Francis Beckwith knows what it's like to be in the middle of controversy. In fact, he thinks he's a magnet for it. Beckwith, who is a philosophy and church-studies professor at Baylor University, triggered a debate when he resigned as president of the Evangelical Theological Society after converting to Catholicism.
Now Beckwith happens to be a visiting fellow at the University of Notre Dame, where a new debate is focused on the university's invitation to President Obama to speak at commencement.
"My wife says I'm like the Forrest Gump for controversy," he said. "But on campus, more people are concerned about whether the Fighting Irish would beat Kentucky." Beckwith spoke with Christianity Today about what the discussion means for Catholic and evangelical higher education institutions. (See also responses from Fuller Seminary president Richard Mouw and Union University president David Dockery.)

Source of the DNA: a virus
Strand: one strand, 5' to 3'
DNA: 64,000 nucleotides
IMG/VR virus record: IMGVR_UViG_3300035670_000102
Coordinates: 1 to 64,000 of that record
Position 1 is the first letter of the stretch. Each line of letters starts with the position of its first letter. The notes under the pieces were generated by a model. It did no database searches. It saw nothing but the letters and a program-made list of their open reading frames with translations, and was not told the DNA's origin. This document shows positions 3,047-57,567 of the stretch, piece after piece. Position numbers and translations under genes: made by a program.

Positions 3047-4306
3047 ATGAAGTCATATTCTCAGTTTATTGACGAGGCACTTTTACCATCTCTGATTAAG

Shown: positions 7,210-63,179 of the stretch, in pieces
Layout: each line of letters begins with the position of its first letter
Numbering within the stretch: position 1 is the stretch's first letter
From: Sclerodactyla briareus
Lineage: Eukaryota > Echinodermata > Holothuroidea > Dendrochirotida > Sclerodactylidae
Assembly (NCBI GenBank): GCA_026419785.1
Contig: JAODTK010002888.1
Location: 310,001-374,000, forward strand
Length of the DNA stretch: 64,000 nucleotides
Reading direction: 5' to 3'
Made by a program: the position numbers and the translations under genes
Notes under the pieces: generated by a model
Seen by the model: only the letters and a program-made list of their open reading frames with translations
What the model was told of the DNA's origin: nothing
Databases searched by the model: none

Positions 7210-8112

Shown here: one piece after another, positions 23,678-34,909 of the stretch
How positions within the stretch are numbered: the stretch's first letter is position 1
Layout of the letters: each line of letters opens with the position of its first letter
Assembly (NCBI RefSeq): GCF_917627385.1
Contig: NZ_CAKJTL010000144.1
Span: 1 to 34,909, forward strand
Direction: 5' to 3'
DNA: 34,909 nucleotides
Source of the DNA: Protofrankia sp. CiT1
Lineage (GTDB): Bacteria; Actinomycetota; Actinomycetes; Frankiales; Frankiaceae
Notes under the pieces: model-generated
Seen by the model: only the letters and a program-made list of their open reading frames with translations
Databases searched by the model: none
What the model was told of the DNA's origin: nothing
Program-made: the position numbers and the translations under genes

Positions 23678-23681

Since the President will speak at several commencement ceremonies during his term, why did his invitation to speak at Notre Dame create such a stir?
There's nothing wrong with inviting speakers to campus who disagree with the university. I don't think that's the issue here. Here, you have a combination of a commencement address and an honorary doctorate. The honorary doctorate is more troubling than the commencement address because to give him an honorary doctorate in law is to say that he's accomplished something in the field of law that the University of Notre Dame wants to honor. In the past three weeks, we've seen a number of different events, one of which was the change in policy on embryonic stem cell research. The problem is, the areas in which he's been involved with legislation on the issue of abortion have been contrary to Catholic ...1